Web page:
I’ve been pretty vocal about the fact that I work a full-time job and am a full-time graduate student for the last year and a half. If you’ve been a college student at any level, you’re probably thinking “oh hell no,” and trust me after undergrad I vowed to never do it again.
Short story time. During my last year of undergrad, my financial aid changed drastically and I didn’t have enough money to finish the year. I was made aware of this about halfway through the first quarter, which didn’t leave much time to adjust. After exhausting all options, I ended up dropping all the classes I didn’t need to graduate and was lucky enough to get an engineering co-op at a nearby pharmaceutical manufacturing company. The only class I had left to graduate was physics 2. Bruh.
Let me explain my schedule at the time. I worked as a packaging engineer co-op Monday through Friday from 7 am to 3:30 pm, then physics 2 class and lab 3 days a week from 4 to 6 pm. Did I mention this was winter quarter in Rochester (upstate), NY? Somehow I made it through that grueling semester, passed physics 2 and graduated. There is a lot of stress and little sleep already associated with college, but add a full-time job to that and it’s enough to drive you crazy. After that experience, I vowed that I would never work full-time and take classes again.
Fast forward to August 2015 when I started my first semester at Johns Hopkins University and what was I doing? You guessed it, working a full-time job with the federal government. Life is funny that way. I should mention that I didn’t end up in this scenario again for lack of trying. I got accepted to regular full-time graduate programs initially but because funding didn’t come through I deferred my enrollment. What can I say, I didn’t want to incur any more student loan debt.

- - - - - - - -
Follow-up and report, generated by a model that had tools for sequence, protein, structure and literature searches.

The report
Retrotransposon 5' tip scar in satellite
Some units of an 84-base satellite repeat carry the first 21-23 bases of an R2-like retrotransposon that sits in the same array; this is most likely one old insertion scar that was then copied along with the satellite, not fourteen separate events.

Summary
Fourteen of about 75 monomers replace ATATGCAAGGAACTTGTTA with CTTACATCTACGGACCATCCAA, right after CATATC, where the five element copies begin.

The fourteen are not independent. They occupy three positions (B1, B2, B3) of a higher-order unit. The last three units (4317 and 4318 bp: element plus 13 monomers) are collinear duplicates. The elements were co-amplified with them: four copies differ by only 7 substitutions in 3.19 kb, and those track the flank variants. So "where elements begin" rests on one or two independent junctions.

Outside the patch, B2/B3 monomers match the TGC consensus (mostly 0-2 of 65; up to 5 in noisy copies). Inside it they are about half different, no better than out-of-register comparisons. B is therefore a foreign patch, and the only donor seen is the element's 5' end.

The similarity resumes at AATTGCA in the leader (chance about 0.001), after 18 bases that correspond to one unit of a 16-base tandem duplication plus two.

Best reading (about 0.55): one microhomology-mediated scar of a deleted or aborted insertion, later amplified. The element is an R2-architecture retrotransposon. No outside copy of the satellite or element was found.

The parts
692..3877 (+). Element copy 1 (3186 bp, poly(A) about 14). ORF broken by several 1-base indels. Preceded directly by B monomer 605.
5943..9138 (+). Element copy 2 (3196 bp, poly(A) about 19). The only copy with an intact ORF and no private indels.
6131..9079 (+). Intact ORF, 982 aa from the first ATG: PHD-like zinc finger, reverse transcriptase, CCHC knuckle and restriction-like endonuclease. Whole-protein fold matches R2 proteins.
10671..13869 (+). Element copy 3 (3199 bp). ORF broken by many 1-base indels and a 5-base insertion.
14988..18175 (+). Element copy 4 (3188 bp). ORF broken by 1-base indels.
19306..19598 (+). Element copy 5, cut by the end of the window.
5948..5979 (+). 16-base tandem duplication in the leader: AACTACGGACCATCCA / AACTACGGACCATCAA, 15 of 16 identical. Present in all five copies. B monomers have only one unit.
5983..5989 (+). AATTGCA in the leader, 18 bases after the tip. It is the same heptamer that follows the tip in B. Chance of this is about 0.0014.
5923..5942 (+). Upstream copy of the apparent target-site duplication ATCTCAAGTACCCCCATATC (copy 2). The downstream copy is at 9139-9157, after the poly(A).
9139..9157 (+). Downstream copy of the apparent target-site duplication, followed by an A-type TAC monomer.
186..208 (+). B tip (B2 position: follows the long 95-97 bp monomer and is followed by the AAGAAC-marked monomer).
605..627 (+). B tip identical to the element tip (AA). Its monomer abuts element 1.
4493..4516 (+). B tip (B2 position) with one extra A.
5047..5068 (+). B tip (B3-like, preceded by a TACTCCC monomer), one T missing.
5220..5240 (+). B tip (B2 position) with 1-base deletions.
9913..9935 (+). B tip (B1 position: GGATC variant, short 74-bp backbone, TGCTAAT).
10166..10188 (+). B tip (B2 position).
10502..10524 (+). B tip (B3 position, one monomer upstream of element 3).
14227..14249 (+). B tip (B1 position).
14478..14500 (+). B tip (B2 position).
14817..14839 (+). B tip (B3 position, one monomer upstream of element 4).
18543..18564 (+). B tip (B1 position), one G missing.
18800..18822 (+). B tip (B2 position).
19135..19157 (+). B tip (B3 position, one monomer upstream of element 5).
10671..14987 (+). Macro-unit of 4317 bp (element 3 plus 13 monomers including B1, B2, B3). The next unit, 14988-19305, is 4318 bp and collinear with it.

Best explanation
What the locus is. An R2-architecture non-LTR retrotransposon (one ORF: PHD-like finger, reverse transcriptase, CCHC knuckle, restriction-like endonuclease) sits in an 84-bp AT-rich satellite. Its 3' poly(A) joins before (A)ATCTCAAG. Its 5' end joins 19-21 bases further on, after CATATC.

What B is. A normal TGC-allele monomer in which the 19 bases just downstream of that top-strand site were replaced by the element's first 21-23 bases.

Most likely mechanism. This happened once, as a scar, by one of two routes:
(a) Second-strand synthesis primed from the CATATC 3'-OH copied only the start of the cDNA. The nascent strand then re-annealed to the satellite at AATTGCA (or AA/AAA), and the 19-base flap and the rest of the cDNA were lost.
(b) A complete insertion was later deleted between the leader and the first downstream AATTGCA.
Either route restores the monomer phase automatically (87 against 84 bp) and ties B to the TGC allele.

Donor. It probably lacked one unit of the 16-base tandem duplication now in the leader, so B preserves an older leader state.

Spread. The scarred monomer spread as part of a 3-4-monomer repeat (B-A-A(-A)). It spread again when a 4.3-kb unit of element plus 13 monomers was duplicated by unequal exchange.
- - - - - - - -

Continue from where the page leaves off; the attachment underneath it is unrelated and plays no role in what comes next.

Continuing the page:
Since I was working full-time, I decided to transfer my enrollment from the regular day program to the Engineers for Professionals program. This program is designed for people who work a full-time job and generally offer courses in the evening. The Materials Science and Engineering EP program requires completing 10 courses to in no more than 5 years.
Why Finish in 1.5 Years?
Throughout my time in grad school, I got so many questions about the pace I set for myself, which was without a doubt quick. Most semesters I was taking two classes, and one semester I even took 3…while still working a full-time job. My federal position is not to exceed 2 years and lucky for me I started school the same month I started this job. What this meant for me is that I needed to do whatever I had to do to finish school by or before I finished this job. I needed to be able to leverage a new degree to get my next position, otherwise, what was the point? Another thing I considered was that my agency was willing to pay for some of my courses. The more classes I took there meant fewer loans for me to take out and I’m trying to break up with Sallie. A lot of people didn’t understand my “rush” and encouraged me to slow down, but it was a good lesson in everyone not understanding your vision. I knew why I was moving quickly and that was all that was important.
How I Did It
From start to finish it took me 5 semesters to complete the program, beginning in August 2015 and finishing May 2017. I graduate tomorrow morning, May 22, and it still doesn’t seem real. To be honest it still feels like I just started.
Structures & Properties of Materials
Engineering Materials: Properties and Selection
Introduction to Project Management
Regulation of Medical Devices
Intro to Electronic Packaging
Intro to Nanotechnology
Nanotechnology and the Environment: Applications and Implications
Thermodynamics and Kinetics of Materials
Environmental Policy Needs in Developing Countries
So many lessons to unpack from grad school, but I’ll tackle that in another post. For now (and the rest of 2017), we celebrate!
All photos in this post were taken by DMV photographer, @in11views, check her out!